New Zealanders may miss out on a whole lot of desirable tech from firms that concentrate on the US and Europe, but good news: Mark Zuckerberg views Kiwis as the perfect guinea pigs to test the latest Facebook and Instagram changes.
Taking the brave decision to extract a leaf out of Elon Musk’s social media management playbook, Facebook intends to let users pay for verification of their Facebook and Instagram accounts.
This will set you back NZ$23.99 a month (!) if you buy direct from Meta on the web, or NZ$29.99 if you do it via the apps, so poor impoverished Meta doesn’t lose money to Google and Apple in app-store tax.
So, what do you get for your money? “Extra impersonation protection” and “access to account support” are two things which should probably come with any account, but the promise of “increased visibility and reach” will certainly be appealing to the attention-grabbing narcissists of the web.
But your mileage may vary. “Subscribers with a smaller following may see a more noticeable impact to their reach since their audiences are smaller,” Meta notes in the small print.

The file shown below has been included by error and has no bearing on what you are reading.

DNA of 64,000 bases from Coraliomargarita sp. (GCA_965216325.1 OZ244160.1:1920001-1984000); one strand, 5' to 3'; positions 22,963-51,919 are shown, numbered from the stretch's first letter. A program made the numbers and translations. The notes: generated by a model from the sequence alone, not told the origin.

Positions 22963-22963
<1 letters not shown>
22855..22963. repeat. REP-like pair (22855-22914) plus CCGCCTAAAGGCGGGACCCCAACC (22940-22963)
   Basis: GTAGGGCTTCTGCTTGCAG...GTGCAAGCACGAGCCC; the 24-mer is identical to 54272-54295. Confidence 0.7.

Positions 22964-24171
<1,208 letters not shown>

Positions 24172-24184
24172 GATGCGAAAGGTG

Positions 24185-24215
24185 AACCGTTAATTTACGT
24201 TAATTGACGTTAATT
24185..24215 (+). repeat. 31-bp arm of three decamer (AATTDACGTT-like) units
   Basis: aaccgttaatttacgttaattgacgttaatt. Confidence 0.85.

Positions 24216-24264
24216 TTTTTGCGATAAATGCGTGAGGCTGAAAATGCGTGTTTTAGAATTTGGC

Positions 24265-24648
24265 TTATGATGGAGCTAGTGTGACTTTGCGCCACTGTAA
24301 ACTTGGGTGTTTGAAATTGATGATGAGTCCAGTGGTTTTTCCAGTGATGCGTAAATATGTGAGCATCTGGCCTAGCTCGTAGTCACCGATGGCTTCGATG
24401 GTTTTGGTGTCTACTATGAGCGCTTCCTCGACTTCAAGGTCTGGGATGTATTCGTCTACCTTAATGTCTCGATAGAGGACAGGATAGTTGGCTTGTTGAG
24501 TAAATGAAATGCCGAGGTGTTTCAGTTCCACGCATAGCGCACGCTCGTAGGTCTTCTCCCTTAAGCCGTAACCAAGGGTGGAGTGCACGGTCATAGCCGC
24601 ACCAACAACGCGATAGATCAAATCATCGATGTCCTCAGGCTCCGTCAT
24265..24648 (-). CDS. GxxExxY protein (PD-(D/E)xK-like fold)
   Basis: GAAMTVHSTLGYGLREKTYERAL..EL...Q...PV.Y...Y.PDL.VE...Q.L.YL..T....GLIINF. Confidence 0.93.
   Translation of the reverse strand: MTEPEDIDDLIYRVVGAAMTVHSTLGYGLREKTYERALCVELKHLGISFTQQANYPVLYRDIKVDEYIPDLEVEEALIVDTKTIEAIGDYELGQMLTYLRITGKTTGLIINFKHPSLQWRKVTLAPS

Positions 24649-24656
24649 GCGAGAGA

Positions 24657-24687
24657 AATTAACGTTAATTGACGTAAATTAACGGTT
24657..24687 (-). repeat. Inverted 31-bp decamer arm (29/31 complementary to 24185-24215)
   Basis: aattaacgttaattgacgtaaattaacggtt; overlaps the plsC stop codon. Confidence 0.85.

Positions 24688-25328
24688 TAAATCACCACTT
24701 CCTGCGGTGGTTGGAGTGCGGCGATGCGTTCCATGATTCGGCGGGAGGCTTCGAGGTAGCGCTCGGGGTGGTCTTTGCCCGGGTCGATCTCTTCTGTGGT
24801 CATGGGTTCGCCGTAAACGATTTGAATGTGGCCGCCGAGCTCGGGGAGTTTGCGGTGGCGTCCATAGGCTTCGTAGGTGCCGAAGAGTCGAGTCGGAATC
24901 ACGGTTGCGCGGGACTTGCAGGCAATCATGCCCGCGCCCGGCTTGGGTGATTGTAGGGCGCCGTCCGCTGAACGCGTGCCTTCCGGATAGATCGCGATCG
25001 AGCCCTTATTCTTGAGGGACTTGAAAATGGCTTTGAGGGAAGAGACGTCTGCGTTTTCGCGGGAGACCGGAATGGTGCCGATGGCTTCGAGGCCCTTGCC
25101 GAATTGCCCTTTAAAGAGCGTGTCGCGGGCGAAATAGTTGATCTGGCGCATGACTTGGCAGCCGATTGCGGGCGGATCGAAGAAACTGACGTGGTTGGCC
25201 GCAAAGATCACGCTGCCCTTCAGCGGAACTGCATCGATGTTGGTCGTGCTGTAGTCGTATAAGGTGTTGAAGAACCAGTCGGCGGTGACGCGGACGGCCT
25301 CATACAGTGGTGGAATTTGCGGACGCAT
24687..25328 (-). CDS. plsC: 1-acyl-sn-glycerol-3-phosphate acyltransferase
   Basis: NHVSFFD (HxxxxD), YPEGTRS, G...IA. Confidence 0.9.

If you want to help Meta keep the lights on and avoid making more redundancies as it pursues its, uh, ‘ambitious’ plans for the Metaverse, then you’ll be able to do so this week.
You just need to supply a government ID with a name that matches your Facebook and Instagram handle, be over the age of 18 and “meet minimum activity requirements”. In other words, you have to have actually posted something, presumably so Meta can be confident you won’t be testing your new-found reach with adverts for diet pills, cryptocurrency and viagra.
In other news, Twitter — which has had its Blue verified programme for some time — also announced that SMS two-factor verification (2FA) would soon become a paid feature. The company explained this is a security issue — which is true: SMS hijacking is a thing, and while better than nothing, that form of 2FA is extremely vulnerable. Using a far safer authenticator app or a secure fob would remain free to all, it confirmed.
What the company didn’t explain is why this inherently vulnerable form of 2FA would still be available to premium subscribers. But Twitter being the internet basket case that it is these days, this decision wouldn’t even break the top ten oddest decisions of the Musk era.